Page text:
Rough riding cowboys. Wiley Indians. Ghost town shootouts and saloon sarsaparillas. These are the images that are wired into our brains when we think of the Wild West in American films. And while Wyatt Earp’s Tombstone and High Noon’s Hadleyville are certainly sites to behold, the surreal landscape of the southwestern United States offers more than just the backdrop for Westerns. From the haunting red rock formations in Monument Valley, to the rolling sand dunes of the Sonoma desert, the American west often serves as the perfect backdrop for science fiction or high fantasy realms…
Hartsfield-Jackson International Airport is a real headache. For anyone that’s ever flown out of Atlanta, or even caught a connecting flight there, you know what I’m talking about. The “Empire City of the South” is a transatlantic hub that acts as a connecting tissue between North America, South America, Africa and Europe. Atlanta’s central location makes it the perfect headquarters for Delta (one of the world’s largest carriers), which has helped make it one of the busiest airports in the world.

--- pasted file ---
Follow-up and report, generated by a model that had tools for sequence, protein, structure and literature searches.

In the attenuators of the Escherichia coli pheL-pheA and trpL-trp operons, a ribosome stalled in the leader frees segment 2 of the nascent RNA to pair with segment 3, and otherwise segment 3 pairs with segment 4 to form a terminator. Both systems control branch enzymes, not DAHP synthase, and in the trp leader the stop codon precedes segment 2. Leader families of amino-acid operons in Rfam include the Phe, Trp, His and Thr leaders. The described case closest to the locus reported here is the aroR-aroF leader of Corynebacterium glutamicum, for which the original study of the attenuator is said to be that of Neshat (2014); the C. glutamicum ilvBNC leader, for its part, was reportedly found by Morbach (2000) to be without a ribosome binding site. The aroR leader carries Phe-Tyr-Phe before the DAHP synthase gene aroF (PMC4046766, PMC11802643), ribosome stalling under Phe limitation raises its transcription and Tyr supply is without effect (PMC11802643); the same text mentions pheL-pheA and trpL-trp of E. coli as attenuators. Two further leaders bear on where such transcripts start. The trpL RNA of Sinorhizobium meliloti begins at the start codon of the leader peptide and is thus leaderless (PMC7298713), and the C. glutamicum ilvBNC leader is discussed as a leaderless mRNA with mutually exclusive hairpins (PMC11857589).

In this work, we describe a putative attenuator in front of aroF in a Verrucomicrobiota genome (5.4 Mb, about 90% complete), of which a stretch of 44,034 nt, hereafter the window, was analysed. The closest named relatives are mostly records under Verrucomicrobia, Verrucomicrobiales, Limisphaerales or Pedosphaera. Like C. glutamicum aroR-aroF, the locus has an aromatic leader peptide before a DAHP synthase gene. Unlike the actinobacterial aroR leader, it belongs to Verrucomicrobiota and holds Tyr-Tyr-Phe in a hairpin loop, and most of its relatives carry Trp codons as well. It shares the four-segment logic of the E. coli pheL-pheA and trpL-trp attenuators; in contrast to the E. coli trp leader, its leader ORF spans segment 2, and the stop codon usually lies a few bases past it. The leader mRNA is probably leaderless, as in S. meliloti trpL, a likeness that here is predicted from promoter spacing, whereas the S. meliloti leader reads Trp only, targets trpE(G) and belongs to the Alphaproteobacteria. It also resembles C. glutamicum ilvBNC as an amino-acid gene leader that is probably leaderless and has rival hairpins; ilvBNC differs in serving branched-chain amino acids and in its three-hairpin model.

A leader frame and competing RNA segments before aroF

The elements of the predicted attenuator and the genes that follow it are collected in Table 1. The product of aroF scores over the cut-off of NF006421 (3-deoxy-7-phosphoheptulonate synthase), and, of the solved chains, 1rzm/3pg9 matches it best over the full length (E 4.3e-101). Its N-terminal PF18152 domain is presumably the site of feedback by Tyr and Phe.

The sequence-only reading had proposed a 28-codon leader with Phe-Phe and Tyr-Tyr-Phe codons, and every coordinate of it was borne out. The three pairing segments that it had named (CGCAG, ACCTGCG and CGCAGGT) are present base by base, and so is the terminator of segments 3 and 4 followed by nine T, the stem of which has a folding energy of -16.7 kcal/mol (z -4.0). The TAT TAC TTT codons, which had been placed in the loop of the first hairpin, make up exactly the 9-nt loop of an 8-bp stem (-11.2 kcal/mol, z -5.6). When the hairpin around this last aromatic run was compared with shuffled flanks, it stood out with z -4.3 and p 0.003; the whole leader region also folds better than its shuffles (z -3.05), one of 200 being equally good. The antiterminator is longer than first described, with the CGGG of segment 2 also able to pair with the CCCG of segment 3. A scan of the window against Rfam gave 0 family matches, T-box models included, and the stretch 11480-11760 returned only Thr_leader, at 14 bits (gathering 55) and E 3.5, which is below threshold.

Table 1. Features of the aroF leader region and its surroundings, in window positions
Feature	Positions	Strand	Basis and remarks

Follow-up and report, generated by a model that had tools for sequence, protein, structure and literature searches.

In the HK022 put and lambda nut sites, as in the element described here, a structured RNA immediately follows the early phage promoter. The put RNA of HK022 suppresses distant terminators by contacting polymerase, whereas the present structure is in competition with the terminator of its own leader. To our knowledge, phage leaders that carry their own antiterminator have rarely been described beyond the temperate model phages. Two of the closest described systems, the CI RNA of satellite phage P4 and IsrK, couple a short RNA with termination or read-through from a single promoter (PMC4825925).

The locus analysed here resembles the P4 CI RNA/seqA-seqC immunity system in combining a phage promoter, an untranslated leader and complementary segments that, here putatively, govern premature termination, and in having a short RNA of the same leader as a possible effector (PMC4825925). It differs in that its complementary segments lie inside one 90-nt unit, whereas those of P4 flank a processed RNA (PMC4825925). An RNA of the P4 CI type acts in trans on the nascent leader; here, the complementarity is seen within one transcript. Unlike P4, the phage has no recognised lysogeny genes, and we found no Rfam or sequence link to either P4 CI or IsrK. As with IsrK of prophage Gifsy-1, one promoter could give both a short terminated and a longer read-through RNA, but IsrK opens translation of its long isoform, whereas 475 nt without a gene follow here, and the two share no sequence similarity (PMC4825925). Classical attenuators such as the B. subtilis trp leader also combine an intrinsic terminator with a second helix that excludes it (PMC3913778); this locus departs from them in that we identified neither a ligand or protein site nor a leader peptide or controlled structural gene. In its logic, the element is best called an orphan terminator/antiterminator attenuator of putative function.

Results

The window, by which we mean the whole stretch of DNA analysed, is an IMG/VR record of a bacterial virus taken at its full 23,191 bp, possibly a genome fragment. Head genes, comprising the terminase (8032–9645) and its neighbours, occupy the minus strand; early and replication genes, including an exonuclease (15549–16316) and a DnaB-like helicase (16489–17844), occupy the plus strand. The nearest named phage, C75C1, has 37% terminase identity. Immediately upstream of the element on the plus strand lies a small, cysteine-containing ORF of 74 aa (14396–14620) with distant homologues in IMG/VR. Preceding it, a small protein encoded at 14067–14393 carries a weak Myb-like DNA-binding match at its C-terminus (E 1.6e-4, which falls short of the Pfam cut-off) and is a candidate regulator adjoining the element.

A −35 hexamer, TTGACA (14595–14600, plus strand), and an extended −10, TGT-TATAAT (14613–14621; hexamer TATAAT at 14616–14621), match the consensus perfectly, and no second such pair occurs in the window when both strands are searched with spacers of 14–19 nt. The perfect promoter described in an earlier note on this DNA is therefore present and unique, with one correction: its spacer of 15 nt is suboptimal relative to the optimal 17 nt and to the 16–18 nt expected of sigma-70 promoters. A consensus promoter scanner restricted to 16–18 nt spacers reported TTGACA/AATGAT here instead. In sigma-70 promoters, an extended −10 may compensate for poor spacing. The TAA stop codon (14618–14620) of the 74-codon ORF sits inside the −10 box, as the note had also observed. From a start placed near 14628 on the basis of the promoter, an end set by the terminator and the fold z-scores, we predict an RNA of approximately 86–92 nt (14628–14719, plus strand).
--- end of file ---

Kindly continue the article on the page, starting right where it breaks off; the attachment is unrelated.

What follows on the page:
There’s a lot to love about Southwest Airlines. The flights are affordable. The boarding process is smooth and efficient. There are no baggage fees. The customer service is superb. There’s free Wi-Fi on board. Even the color scheme of their planes is vibrant and aesthetically pleasing.
Imagine you could drive your car without the everyday constraints of traffic laws.
What if there were no other cars? What roads weren’t even necessary? What if you could simply smash down the accelerator and just go – with no fear of smashing headfirst into any sort of obstacle.
But as we descended, tired feet and shambling legs overshadowed my admiration of the splendor that surrounded me. After about three hours and six kilometers downhill through countless switchbacks, we reached the bottom of the canyon and dipped our swollen and blistered feet in the cold waters of the San Miguel River.